Nica Richards
Deputy online news editor
1 minute read
22 Jun 2021
2:01 pm

Why SA hasn’t had load shedding in more than a week 

Nica Richards

The consistent electricity supply can be attributed to Koeberg nuclear power station on the West Coast generating power at full capacity. 

Picture: iStock

For nine days South Africans have pinched themselves and been careful not to ask too loudly why there have been no load shedding schedules floating around on their timelines. 

Without jinxing it, The Citizen sought clarity from Eskom spokesperson Sikonathi Mantshantsha who responded with good news. 

Mantantsha said the consistent electricity supply can be attributed to Koeberg nuclear power station on the West Coast generating power at full capacity. 

Koeberg has been unable to provide a consistent electricity supply to the country since January.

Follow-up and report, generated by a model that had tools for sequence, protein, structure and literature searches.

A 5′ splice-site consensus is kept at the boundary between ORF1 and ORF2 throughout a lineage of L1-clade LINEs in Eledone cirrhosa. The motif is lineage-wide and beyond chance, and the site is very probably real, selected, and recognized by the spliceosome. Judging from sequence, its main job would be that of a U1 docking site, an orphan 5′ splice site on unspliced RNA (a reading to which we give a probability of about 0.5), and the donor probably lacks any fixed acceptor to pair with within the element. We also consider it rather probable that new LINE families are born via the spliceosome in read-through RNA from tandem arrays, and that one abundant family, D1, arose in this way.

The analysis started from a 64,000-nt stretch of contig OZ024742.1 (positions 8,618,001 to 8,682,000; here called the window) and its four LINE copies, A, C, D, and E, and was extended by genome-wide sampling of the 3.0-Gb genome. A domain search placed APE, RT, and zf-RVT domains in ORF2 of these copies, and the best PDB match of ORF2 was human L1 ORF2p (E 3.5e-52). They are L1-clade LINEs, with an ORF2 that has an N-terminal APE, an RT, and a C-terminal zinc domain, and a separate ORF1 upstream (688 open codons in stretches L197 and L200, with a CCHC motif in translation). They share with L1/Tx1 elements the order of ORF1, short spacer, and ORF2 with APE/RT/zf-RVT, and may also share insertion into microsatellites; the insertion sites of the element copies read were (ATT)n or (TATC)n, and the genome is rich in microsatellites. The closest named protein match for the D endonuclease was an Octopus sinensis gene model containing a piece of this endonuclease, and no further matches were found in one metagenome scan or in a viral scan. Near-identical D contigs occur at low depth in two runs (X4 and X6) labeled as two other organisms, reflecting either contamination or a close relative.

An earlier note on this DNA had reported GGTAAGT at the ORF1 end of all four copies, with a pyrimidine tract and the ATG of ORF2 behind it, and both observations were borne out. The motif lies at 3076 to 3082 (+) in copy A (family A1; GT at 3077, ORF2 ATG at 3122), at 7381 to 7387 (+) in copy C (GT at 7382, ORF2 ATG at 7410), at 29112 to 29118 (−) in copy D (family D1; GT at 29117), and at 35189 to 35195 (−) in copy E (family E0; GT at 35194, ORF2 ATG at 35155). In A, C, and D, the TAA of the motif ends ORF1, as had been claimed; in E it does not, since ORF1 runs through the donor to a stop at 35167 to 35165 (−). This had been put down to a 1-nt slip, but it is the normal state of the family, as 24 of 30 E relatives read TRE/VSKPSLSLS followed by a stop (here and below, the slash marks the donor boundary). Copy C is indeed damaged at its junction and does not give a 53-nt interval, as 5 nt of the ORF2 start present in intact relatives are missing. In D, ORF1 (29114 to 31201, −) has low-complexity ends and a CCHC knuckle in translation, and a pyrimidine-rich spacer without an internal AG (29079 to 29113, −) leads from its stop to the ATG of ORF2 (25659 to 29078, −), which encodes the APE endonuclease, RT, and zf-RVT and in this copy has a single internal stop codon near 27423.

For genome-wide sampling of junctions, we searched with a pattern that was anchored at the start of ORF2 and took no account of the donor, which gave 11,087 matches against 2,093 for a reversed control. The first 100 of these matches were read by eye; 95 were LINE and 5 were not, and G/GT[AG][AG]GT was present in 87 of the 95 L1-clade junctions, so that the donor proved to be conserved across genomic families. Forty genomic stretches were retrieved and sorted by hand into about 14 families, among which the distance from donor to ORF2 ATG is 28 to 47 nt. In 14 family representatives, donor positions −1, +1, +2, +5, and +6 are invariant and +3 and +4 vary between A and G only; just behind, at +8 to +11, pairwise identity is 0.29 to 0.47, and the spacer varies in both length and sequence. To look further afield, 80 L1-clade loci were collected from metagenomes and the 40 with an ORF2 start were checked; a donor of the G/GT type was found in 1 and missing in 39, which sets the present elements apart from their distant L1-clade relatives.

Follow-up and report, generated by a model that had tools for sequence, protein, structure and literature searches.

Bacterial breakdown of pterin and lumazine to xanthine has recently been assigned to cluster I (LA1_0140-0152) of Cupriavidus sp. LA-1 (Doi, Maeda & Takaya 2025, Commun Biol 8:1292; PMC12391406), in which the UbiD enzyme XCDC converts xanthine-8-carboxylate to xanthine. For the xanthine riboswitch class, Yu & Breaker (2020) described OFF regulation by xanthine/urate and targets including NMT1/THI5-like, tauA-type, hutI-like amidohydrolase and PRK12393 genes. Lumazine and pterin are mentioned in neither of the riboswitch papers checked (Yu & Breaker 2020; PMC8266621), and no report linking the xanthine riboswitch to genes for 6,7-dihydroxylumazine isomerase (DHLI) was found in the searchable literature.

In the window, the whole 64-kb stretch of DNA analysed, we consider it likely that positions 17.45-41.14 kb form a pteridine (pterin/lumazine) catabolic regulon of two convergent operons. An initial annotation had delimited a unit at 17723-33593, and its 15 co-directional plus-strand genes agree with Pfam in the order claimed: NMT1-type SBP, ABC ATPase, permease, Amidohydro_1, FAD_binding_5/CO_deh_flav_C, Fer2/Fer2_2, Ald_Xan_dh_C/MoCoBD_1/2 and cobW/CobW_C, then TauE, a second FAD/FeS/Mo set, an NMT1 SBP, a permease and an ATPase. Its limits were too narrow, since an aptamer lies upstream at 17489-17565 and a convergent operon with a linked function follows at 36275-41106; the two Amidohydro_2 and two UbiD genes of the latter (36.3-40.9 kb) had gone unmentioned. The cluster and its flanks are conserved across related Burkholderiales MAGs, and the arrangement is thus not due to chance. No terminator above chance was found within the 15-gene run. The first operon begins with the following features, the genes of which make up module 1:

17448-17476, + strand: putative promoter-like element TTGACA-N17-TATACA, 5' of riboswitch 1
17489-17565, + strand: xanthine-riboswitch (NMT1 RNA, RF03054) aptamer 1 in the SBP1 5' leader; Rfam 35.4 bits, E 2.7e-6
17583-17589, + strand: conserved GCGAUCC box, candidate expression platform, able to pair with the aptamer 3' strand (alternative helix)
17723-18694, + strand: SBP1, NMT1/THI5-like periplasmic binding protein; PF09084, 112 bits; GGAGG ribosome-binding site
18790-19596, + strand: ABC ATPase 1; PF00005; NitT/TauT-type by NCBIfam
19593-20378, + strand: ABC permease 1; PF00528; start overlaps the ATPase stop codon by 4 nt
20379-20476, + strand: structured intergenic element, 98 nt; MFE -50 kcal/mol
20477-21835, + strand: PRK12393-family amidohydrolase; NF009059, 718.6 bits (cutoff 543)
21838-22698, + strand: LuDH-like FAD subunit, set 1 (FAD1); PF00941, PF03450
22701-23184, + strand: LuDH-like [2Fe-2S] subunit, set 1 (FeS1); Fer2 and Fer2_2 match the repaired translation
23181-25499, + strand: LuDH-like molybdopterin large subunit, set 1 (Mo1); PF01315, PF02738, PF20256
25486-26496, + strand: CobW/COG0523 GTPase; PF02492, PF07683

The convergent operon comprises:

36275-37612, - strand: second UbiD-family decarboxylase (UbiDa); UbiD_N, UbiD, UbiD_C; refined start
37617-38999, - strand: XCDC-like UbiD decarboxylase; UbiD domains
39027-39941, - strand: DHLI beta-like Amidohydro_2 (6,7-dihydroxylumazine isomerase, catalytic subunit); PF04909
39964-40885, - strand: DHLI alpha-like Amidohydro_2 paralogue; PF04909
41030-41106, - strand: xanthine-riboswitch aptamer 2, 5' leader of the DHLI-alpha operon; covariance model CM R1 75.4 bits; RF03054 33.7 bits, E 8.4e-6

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“About seven generation units have returned to service in the past two weeks, helping ease the pressure on supply and demand. 

“Eskom is now able to supply about 30,000MW of power throughout the day during this winter, up from an average 27,000MW in October/November,” Mantantsha said. 

“During the winter evening peak this increases to just over 33,400MW on average.” 

However, Eskom warned that despite the lights being on “for now”, the public are urged to continue using electricity sparingly. 

“The possibility of load shedding remains elevated, especially during winter.”